According to Section 20(a) of the Securities Exchange Act of 1934, Every person who, directly or indirectly, controls any person liable under any provision of this chapter or of any rule or regulation thereunder shall also be liable jointly and severally with and to the same extent as such controlled person to any person to whom such controlled person is liable, unless the controlling person acted in good faith and did not directly or indirectly induce the act or acts constituting the violation or cause of action.
15 U.S.C. § 78t(a). Section 20(a) "imposes joint and several liability on the part of one who controls a violator of Section 10(b)." In re Suprema Specialties, Inc. Sec. Litig., 438 F.3d 256, 284 (3d Cir. 2006). To succeed on a claim under 20(a), a plaintiff must show: (1) one person controlled another person or entity; (2) that the controlled person or entity committed a primary violation of the securities laws; and (3) that the defendant was a culpable participant in the fraud. Fox Int'l Relations v. Fiserv Sec. Inc., 490 F. Supp. 2d 590, 601 (E.D. Pa. 2007) (citing In re Suprema Specialties, Inc. Sec. Litig., 438 F.3d at 284). A controlling person is one who has, either directly or indirectly, "the power to direct or cause the direction of the management and policies of a person, whether through the ownership of voting securities, by contract, or otherwise." Rochez Bros. Inc. v. Rhoades, 527 F.2d 880, 890 (3d Cir. 1975). To determine whether an individual is a controlling person, "plaintiffs must show that defendants exercised control over the accused operations, but need not show that defendants exercised control over the specifically accused transaction or activity." In re Reliance Sec. Litig., 135 F. Supp. 2d 480, 518 (D. Del. 2001).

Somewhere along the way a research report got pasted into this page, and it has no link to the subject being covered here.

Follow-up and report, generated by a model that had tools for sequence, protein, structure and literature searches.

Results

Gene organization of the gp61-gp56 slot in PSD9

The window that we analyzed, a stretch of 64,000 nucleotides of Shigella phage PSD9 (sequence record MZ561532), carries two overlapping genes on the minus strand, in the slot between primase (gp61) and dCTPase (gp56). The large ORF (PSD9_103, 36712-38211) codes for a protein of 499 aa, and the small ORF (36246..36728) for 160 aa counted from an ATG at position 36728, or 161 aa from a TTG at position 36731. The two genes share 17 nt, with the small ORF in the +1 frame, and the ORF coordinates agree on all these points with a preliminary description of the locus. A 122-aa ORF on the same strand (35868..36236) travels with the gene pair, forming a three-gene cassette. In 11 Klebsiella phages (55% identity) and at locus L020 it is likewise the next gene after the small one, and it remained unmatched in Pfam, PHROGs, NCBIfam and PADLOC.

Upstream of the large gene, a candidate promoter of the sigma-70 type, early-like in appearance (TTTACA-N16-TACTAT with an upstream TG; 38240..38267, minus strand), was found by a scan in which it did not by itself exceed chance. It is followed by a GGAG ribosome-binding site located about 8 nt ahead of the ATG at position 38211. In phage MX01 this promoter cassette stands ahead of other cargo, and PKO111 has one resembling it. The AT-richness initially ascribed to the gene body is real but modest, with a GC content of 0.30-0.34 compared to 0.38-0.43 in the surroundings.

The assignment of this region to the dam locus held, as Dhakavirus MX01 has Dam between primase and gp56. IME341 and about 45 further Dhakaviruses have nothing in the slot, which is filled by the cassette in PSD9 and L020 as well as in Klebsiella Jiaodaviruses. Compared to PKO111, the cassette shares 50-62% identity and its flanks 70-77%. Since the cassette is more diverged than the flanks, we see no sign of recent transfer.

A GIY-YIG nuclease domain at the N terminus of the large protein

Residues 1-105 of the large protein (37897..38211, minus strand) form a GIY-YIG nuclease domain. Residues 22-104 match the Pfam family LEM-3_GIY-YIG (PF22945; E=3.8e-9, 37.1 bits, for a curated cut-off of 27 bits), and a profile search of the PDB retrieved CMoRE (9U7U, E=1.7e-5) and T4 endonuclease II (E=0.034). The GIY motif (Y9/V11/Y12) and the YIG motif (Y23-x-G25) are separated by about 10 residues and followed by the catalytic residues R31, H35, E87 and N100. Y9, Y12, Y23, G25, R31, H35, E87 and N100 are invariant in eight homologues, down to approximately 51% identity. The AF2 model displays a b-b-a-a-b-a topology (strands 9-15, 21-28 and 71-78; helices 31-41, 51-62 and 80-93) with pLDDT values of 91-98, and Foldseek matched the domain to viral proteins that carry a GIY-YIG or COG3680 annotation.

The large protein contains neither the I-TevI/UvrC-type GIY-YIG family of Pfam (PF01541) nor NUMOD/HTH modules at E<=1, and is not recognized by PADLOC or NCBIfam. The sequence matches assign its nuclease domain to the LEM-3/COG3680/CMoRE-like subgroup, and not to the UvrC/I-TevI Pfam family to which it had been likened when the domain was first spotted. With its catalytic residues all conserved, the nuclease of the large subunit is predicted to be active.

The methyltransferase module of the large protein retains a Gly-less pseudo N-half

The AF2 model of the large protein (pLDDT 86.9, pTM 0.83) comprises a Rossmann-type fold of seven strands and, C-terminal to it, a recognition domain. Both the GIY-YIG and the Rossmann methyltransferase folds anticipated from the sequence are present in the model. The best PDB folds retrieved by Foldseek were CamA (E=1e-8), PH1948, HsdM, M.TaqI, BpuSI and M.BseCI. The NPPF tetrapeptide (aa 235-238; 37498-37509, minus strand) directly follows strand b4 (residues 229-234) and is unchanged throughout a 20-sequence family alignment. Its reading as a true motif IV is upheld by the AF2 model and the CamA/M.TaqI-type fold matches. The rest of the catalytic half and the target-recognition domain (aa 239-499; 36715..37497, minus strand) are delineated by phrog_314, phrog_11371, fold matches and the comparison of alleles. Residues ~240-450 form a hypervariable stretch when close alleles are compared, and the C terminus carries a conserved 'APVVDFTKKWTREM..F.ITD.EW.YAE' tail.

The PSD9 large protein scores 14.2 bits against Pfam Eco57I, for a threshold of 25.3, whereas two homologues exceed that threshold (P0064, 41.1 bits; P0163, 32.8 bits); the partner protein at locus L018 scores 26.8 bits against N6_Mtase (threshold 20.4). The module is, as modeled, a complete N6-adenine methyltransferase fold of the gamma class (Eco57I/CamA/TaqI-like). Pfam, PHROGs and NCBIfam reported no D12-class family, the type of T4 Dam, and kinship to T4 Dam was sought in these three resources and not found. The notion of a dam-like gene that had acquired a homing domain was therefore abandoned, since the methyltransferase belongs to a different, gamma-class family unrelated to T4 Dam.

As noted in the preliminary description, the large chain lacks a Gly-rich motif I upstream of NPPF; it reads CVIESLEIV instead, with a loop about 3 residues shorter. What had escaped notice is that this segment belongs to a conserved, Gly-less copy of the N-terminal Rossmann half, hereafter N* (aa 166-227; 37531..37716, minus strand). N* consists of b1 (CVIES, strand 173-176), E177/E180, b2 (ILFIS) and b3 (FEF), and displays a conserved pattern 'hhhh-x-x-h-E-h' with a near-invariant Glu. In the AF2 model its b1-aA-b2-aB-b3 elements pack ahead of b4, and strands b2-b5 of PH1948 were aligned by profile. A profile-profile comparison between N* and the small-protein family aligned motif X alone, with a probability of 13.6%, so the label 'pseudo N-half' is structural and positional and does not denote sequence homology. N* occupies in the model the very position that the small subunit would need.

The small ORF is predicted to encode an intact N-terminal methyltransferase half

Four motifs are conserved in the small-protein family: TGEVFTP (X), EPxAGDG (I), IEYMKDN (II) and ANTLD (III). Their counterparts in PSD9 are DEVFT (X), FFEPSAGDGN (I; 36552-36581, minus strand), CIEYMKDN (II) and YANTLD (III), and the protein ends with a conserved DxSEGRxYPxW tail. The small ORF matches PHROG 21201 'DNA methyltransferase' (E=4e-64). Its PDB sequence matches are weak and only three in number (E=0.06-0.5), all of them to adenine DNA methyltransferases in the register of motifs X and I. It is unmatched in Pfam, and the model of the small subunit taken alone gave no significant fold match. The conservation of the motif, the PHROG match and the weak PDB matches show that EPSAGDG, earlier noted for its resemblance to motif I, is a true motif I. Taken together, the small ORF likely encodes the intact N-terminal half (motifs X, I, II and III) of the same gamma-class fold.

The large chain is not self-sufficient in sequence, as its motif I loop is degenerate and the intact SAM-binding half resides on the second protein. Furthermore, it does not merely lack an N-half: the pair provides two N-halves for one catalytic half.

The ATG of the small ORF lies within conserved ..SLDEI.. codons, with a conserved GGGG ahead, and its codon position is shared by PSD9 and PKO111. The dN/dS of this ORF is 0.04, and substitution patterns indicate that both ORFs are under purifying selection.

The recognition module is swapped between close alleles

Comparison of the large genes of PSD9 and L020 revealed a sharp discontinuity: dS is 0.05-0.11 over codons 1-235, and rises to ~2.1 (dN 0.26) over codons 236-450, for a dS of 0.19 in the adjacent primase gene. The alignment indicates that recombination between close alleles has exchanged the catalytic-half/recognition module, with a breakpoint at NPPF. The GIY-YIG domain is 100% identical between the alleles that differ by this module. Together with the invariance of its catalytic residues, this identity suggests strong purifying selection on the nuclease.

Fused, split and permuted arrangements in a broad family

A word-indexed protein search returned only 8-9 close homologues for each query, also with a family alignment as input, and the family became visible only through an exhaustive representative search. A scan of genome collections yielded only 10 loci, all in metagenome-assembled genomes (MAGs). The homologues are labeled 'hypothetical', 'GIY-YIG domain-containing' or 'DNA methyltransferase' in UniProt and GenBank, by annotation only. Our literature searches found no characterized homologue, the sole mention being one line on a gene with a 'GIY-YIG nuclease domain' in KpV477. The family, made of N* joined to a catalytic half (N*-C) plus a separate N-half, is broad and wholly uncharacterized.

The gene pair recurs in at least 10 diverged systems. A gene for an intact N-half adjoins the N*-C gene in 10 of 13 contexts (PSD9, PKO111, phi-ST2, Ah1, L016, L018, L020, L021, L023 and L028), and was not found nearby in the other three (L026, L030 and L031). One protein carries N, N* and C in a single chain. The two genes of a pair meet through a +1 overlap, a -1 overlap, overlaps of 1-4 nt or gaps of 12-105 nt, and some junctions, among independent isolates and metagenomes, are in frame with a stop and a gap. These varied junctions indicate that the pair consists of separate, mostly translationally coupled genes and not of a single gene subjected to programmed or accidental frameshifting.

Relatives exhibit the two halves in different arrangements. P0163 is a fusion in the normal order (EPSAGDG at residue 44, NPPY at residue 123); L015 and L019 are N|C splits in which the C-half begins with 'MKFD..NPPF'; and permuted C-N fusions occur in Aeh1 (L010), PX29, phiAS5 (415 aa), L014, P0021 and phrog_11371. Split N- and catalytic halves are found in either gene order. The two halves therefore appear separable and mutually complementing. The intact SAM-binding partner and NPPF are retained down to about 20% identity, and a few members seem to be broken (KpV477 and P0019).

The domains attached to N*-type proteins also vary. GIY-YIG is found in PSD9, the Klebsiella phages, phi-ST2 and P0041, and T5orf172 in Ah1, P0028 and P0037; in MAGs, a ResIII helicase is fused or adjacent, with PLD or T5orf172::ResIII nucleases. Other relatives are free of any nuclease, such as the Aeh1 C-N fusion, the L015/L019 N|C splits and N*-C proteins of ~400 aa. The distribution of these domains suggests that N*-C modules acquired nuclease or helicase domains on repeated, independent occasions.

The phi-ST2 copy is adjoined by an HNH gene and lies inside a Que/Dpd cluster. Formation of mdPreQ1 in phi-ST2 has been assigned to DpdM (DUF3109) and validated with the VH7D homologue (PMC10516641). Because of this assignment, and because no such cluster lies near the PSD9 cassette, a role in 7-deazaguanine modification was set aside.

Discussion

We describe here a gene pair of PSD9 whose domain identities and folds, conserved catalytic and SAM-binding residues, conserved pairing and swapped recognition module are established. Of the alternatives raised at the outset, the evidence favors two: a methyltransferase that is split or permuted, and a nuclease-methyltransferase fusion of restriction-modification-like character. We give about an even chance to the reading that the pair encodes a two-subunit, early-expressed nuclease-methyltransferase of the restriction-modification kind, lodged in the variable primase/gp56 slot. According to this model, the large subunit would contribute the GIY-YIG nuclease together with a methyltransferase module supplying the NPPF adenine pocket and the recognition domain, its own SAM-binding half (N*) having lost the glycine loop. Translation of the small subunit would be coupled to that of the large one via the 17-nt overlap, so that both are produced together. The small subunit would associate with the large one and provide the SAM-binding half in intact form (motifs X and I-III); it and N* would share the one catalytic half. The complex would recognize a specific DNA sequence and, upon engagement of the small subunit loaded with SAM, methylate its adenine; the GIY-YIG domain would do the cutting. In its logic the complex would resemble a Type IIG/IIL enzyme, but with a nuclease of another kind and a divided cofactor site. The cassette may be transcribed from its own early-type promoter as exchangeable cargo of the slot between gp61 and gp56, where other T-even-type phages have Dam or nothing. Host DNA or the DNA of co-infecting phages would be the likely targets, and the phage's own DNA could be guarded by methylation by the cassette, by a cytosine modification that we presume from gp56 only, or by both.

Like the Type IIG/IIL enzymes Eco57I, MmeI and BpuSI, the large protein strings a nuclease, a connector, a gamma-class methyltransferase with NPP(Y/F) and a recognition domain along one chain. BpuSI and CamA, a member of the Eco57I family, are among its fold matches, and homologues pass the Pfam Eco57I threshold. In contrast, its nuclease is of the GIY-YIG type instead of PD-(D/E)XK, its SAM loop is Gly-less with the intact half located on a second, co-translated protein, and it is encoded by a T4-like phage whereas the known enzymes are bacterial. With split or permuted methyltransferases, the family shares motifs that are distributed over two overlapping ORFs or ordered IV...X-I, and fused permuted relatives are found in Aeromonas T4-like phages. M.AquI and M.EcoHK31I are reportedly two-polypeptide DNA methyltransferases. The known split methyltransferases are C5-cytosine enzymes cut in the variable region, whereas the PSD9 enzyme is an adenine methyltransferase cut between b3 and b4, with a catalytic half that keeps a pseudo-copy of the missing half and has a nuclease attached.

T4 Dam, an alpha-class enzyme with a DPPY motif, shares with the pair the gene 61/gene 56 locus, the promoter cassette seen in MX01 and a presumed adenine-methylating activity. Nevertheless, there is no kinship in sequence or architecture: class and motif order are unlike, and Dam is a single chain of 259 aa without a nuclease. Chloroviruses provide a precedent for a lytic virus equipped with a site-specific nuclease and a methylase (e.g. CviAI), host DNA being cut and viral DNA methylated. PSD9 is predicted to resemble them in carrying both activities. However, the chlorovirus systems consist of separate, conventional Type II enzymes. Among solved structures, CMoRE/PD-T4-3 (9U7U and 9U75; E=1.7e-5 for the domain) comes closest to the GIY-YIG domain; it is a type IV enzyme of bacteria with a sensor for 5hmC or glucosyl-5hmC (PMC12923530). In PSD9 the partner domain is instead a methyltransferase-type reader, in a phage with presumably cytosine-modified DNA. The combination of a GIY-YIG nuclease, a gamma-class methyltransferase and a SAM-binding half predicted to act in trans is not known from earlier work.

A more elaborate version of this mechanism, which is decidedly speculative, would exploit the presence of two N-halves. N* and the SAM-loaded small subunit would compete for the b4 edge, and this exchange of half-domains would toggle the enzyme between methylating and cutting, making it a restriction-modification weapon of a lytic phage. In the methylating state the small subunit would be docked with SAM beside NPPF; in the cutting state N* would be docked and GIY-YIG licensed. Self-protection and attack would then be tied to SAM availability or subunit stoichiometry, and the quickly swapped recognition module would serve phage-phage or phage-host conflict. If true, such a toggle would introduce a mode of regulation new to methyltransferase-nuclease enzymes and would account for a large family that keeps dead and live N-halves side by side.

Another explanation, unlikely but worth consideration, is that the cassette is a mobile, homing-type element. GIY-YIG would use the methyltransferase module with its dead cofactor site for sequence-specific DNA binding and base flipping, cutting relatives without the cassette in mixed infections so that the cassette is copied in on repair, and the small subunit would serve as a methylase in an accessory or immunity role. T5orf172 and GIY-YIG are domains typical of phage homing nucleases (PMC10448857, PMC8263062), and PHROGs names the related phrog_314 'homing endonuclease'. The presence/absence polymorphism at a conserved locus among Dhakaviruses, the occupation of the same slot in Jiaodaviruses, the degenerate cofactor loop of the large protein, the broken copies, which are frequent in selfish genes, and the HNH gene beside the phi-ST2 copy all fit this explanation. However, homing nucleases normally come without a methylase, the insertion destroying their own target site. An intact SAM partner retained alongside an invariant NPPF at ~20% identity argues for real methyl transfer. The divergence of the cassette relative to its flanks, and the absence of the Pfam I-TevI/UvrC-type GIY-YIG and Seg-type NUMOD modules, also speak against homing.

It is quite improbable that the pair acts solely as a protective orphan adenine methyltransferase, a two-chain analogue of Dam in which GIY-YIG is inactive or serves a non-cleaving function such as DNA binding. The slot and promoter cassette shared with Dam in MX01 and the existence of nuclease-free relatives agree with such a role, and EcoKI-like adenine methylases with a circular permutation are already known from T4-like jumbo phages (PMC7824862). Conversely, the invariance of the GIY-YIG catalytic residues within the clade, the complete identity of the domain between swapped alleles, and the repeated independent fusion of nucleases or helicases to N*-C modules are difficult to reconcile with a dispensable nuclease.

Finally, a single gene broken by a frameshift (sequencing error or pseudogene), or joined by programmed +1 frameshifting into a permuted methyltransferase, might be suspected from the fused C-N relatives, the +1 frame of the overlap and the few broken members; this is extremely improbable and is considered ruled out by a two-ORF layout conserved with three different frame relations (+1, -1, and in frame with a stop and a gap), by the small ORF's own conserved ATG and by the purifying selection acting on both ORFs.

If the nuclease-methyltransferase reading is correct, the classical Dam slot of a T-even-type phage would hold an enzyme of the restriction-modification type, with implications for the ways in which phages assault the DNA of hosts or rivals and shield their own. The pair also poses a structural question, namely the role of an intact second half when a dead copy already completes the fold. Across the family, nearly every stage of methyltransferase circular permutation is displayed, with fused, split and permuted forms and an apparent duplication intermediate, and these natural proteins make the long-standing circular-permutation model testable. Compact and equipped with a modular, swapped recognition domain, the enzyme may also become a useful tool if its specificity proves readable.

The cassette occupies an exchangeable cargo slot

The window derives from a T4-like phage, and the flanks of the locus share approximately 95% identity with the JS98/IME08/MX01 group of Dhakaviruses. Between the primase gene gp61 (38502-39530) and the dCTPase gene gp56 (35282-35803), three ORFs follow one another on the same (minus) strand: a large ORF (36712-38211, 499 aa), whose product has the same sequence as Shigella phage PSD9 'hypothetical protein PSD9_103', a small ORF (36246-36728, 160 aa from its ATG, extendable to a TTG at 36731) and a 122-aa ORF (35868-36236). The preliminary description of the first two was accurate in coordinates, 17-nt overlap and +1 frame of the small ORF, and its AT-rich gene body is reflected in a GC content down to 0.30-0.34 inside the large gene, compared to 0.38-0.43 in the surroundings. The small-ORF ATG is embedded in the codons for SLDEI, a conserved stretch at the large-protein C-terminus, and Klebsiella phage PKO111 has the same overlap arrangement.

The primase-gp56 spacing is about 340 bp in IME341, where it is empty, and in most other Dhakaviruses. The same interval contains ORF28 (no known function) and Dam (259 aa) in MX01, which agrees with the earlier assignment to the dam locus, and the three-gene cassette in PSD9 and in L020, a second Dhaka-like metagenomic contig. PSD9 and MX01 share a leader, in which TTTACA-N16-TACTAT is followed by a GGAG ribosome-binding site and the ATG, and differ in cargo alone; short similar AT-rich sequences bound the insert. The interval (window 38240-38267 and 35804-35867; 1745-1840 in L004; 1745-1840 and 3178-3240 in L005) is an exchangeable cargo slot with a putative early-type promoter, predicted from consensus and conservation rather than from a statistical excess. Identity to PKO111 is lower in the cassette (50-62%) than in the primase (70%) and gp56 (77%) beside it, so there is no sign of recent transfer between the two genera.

Culpable participation is a prerequisite to a finding of liability under § 20(a). See Rochez Bros., 527 F.2d at 884-85 ("The legislative history of Section 20(a) illustrates that Congress intended liability to be based on something besides control. That something is culpable participation."); In re Suprema Specialties, Inc. Sec. Litig., 438 F.3d at 284 n.16 (noting that secondary liability under § 20(a) requires culpable participation in the fraud on the part of defendant).